Cold Morning Shadow

CMS cover 3


Cold Morning Shadow is the umbrella title for a two-novel series, Lucky Diamond and This Guy followed by Half-soul in Tatters.  Here’s a preview of each.

Lucky Diamond and This Guy introduces Cyleine, secretly daring, agonizingly sentimental, and a high school junior in rural South Dakota.  She and older brother Lionel, a senior, are off-reservation Oglala Lakota Sioux.
On the first day of English class in 1967 Cyleine meets a new girl.  Uprooted from urban Virginia, Garnette, a stiffly-coifed bottle-blonde with the awkward grace of a giraffe, was born deaf but is served by the latest in fashion hearing aids.  Obliviously alluring, her heedlessly unfiltered utterances, at best comical, at worst embarrassing, melt barriers and hearts.  Garnette’s brother, Wilton, a senior and a cross-country runner, is a self-conscious, regrettably cautious egghead who can draw caricatures and has studied a little Chinese.
Cyleine’s brother Lionel, outwardly forbidding but privately gentle, plans to take over the family’s small farm equipment business.  He avoids newcomer Wilton at first but becomes infatuated with Cyleine’s intriguing new friend, Garnette.  The boys make peace but their first encounter ends in a disaster that splits the two families.
Cyleine organizes her thoughts, her family, her horses, and her friends and prefers the company of her own mind.  She finds in Garnette, though, the best friend she never expected.  With parents who couldn’t or wouldn’t, Wilton was first to discern Garnette’s hearing deficit when he and she were very young and has spent most of his eighteen years raising her himself, teaching her to speak and later to use the written word.  They rapidly adapt to their new rural setting and shed their urban ways.  During the summer after high school Lionel prepares to spend a year away at a technical school but finds himself rearranging his loner-centered future because he has fallen hard for Garnette.  Over the year since they first met, love’s soft net also closes around Wilton and Cyleine, but their hesitation imperils the delicate strands that would bind them.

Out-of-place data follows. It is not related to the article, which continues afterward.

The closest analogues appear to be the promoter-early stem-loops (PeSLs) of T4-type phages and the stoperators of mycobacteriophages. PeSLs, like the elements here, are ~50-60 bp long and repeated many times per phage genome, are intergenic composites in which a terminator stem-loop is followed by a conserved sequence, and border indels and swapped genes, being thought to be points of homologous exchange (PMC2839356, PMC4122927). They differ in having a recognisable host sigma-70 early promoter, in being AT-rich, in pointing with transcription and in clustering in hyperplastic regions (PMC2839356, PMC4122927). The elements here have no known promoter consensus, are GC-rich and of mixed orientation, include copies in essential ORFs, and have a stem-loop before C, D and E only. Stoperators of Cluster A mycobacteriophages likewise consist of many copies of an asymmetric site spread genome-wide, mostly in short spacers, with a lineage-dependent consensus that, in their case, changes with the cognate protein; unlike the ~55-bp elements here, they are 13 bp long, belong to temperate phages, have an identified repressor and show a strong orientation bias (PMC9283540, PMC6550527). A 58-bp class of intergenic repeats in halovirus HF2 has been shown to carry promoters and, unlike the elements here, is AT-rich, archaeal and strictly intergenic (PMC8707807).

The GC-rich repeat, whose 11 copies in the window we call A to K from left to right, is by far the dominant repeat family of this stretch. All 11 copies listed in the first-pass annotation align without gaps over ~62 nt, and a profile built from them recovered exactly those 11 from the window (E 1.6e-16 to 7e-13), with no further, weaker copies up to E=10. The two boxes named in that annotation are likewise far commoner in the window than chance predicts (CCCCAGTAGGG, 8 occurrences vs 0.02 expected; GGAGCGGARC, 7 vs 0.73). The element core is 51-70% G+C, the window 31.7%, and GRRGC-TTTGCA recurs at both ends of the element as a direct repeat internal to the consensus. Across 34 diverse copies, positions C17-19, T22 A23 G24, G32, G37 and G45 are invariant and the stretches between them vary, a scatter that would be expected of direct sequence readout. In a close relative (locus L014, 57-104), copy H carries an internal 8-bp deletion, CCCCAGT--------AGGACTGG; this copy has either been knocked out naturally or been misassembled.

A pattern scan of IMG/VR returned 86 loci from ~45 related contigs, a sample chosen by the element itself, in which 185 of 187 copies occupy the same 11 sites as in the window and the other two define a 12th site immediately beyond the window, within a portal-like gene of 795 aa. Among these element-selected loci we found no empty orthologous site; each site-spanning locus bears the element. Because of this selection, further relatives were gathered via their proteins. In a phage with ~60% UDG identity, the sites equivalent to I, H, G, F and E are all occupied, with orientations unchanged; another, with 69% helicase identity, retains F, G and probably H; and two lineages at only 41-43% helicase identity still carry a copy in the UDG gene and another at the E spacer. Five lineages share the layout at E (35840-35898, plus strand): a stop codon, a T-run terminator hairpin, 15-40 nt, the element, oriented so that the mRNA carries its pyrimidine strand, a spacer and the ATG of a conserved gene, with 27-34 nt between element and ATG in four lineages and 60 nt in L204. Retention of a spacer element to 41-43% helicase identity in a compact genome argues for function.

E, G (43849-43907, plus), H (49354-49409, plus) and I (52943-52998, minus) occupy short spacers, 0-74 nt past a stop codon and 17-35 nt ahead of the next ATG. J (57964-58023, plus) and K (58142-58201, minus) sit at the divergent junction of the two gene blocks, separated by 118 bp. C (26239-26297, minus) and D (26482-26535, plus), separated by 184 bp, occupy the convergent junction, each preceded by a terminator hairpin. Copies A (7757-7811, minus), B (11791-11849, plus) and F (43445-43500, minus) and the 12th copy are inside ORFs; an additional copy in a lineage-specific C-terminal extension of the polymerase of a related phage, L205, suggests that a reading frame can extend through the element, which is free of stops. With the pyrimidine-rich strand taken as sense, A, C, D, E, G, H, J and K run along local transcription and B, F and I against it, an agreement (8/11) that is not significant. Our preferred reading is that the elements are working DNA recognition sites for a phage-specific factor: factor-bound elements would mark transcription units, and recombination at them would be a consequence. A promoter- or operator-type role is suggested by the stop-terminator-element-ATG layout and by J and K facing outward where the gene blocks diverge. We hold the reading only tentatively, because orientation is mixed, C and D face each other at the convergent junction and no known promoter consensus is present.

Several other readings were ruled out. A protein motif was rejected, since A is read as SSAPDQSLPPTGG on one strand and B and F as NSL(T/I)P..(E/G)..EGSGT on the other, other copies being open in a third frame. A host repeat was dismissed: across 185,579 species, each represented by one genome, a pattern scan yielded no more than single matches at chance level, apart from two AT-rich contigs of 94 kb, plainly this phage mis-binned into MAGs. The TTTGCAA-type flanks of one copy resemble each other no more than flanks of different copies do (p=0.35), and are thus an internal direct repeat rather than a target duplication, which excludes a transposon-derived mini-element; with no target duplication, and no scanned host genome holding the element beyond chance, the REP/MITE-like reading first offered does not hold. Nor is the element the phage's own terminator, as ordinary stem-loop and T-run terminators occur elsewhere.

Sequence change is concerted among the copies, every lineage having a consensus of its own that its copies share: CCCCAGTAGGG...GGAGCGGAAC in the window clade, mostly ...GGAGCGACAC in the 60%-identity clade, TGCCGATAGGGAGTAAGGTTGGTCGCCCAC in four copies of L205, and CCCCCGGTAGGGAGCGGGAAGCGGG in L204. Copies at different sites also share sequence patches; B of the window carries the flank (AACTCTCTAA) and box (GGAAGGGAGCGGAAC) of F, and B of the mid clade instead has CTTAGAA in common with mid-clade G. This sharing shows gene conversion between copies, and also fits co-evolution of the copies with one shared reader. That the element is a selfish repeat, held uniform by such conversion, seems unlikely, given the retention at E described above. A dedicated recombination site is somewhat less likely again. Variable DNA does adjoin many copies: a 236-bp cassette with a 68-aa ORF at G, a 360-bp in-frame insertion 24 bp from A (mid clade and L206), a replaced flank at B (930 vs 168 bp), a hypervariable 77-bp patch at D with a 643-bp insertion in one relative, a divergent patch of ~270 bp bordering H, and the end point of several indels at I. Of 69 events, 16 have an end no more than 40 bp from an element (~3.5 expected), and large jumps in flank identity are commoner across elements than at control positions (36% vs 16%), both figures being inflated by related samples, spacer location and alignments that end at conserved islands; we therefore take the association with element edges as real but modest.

Half-soul in Tatters follows Cyleine’s descent into angst and self-reproach beginning when she is a senior and Wilton’s Army enlistment takes him to Vietnam.  Once the girls graduate, Garnette marries Lionel and works part-time in the family business while attending the local college alongside Cyleine.  Wilton and Cyleine, yearning for each other while apart, finally overcome their reticence but perhaps too late.  Cyleine writes bawdy letters and heartfelt poems to him until he becomes an unusual kind of P.O.W. — in China, where he endears himself to co-workers in a radio factory and to audiences of exhibition wrestling but does not please the Communist Party.
Wilton succeeds in sending his own self-portrait out of China on a set of radio instructions that, owing to his job in the factory, he has translated to English.  Chinese radios can’t be imported into the U.S., but his caricature reaches Cyleine.  Détente is on the horizon and with help from Dennis Turnbull, or Turn-bullet, their former English teacher and decorated World War II hero, Garnette and Cyleine meet with General Westmoreland and, unexpectedly, Henry Kissinger, to appeal for Wilton’s return.  Garnette, to no one’s surprise, becomes penpals with President Nixon.
The Lakota teens, with trusting, loving parents, are inured to the indifference of their nation’s conquerors — the post-Europeans, as Lionel calls them.  But Turn-bullet, a fellow Lakota, urges them to take command of the English language, and the four friends enthusiastically do so in word lists, ciphers, verse, and in Garnette’s poignant struggle to hear.